In an effort to identify genetic variants responsible for asthma, thousands of genetic studies have been performed. Of the potential answers to this dilemma, epigenetics represents a solution, according to a review published in Tuberculosis and Respiratory Diseases.

Familial clustering of asthmatics is indicative of a genetic component of asthma, a condition with up to 60% heritability. Over the last 3 decades, more than 100 loci have been identified as being linked with asthma, and recent genome-wide single nucleotide polymorphism (SNP) association studies have confirmed that SNPs on genes associated with antigen presentation, inflammation, and Th1/Th2 processes are “strongly associated” with asthma and its subphenotypes.

Worldwide asthma prevalence has increased over the past 30 years, but investigators note that changes in genetic variants of the disease have rarely occurred. They posit that exposure to changing exposomes — large sets of environmental exposures including diet, toxins, and hormones — have introduced “several different phenotypes of asthma.”

In 2007, epigenetics was defined via the following criteria: a change in the activity of a gene that does not involve a mutation; initiated by environment signals; and mitotically or meiotically inherited in the absence of the change in nucleotide sequence of genomic DNA. Epigenetic mechanisms include DNA CpG methylation, histone deformation, and non-coding RNA.

DNA methylation takes place in CpG occupying 1% of DNA bases in human somatic cells, resulting in a total number of CpG sites of approximately 28 million; 70% to 80% of the human DNA CpG bases are methylated. Considerable research has identified specific time periods during which individuals are more susceptible to the effects of environmental exposures and other asthma triggers, including during prenatal development, early childhood, and adolescence. Epigenetic modifications are more likely to develop during these times.

Both human skin and lungs have large surface areas exposed to external environments; surface area estimates depend on height, weight, and other factors. Both indoor and outdoor stimuli affect airway epithelium, with 2 methods that have been used to study DNA CpG methylation: candidate gene approaches and epigenome-wide association studies. One candidate CpG methylation approach utilized buccal mucosa of children with asthma on 1505 CpG loci across 807 genes, identifying a small number of DNA methylation signatures. Recent epigenome-wide association studies have been launched with the intention of searching for changes in global CpG methylations.

Many CpG methylation studies have relied on the use of DNA isolated from unfractionated peripheral blood leukocytes because they are widely available and easily accessed. New methods have been recently developed to infer the proportion of immune cell populations in these leukocytes using DNA methylation data. The major immunologic components of asthma pathogenesis and their epigenetic mechanisms specifically affect the expression of the transcription factors involved in the development of Th1, Th2, Th17, and regulatory T cells. Therefore, these DNA methylation profiles have been “very useful” in identifying the epigenetic change of immune status.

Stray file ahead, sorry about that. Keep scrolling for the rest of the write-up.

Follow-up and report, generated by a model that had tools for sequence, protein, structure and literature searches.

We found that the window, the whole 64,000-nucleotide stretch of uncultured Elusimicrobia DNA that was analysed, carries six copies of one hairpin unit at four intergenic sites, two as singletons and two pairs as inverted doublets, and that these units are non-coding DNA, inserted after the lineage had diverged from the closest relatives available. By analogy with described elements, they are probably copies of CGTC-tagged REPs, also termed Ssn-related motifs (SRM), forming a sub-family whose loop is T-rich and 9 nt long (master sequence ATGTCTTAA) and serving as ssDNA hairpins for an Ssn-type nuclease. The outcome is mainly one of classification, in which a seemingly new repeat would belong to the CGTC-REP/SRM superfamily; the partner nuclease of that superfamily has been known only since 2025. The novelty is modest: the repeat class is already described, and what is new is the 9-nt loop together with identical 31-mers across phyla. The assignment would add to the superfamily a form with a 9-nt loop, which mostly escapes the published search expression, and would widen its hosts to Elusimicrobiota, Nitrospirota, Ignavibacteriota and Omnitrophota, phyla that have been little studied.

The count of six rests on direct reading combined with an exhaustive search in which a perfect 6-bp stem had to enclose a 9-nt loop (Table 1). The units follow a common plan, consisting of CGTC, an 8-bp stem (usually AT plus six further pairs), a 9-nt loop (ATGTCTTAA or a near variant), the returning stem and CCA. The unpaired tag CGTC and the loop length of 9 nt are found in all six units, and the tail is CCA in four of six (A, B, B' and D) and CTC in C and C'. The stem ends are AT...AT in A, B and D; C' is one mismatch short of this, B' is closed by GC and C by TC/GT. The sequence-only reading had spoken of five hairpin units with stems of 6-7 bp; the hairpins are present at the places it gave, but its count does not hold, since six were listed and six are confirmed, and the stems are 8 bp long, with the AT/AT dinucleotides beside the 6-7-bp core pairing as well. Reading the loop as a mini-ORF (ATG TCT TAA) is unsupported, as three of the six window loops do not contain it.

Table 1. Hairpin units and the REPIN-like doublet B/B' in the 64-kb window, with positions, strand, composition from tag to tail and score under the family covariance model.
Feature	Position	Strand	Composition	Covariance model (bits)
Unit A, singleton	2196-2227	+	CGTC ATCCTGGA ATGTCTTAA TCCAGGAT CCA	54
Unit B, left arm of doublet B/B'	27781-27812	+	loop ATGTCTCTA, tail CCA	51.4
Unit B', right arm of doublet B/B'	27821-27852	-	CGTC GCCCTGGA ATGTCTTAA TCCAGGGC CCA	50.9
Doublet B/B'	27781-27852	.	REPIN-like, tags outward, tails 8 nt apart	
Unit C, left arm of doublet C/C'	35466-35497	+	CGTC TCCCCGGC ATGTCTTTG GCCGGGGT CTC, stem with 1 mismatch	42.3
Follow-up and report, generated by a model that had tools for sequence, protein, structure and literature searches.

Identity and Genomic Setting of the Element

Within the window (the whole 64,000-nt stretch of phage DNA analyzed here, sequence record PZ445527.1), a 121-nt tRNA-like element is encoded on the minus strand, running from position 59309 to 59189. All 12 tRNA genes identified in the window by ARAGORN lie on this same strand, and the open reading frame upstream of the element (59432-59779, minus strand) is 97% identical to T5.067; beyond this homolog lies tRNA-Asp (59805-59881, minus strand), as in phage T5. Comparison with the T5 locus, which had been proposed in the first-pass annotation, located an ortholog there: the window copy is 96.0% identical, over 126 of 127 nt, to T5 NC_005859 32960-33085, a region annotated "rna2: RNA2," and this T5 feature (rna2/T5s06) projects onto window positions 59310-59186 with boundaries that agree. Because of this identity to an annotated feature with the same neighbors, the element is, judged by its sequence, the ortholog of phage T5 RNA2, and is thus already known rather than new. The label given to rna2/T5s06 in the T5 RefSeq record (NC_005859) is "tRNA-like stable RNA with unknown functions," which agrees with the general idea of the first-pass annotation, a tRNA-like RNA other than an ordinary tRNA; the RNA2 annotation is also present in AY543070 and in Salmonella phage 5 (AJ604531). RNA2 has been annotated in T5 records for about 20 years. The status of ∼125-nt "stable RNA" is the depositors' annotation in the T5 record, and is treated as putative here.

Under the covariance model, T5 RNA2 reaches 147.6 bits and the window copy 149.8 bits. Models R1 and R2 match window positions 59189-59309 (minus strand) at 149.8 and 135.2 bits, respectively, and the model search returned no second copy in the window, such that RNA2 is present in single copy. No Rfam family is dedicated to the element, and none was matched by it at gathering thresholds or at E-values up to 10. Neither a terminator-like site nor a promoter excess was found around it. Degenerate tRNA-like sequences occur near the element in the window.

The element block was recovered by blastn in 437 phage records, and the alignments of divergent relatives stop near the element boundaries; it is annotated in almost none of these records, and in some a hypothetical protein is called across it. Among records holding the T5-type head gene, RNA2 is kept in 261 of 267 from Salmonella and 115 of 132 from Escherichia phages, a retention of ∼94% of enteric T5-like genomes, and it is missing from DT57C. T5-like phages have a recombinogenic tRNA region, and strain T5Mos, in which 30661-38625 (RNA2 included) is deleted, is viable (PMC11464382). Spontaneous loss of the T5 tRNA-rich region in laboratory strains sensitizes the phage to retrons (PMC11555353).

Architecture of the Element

In terms of atmospheric environmental factors, smoking is the most important asthma risk factor. Through DNA damage and other mechanisms, cigarette smoke modulates gene expression; several epigenome-wide association studies have demonstrated that cigarette smoke results in global hypomethylation. In one study, smoke exposure was associated with a 2% increase in mean CpG methylation in the FERM domain containing 4A gene compared with no smoke exposure. Despite the potential for clinical relevance, the authors noted that the current interpretation of cross-sectional epigenetic studies is “problematic” because it is impossible to determine whether methylation alteration is a cause or consequence.

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Because DNA CpG methylation changes are more reversible than DNA mutations, “many treatment strategies are currently under investigation,” the authors wrote, including dietary manipulation, which has demonstrated that methyl-rich diets have been associated with epigenome hypermethylation. These findings have generated interest, but clinical efficacy is still unclear.

“Epigenetic influences and mechanisms have been clarified in allergic diseases and asthma, but there are still many questions to be solved yet,” the researchers posit. “The most complex situation is when both the gene and the environment are unknown.” Additional information on exposomes, they added, is necessary, and data should be analyzed via multi-Omnic approaches.

The researchers concluded that “If accurate influence and mechanisms of epigenetics are revealed, prevention and control strategies for asthma and its subtypes will be developed.” 


Bae D-J, Jun AE, Chang HS, Park JS, Park C-S. Epigenetic changes in asthma: role of DNA CpG methylation.Tuberc Respir Dis. 2020;83(1):1-13.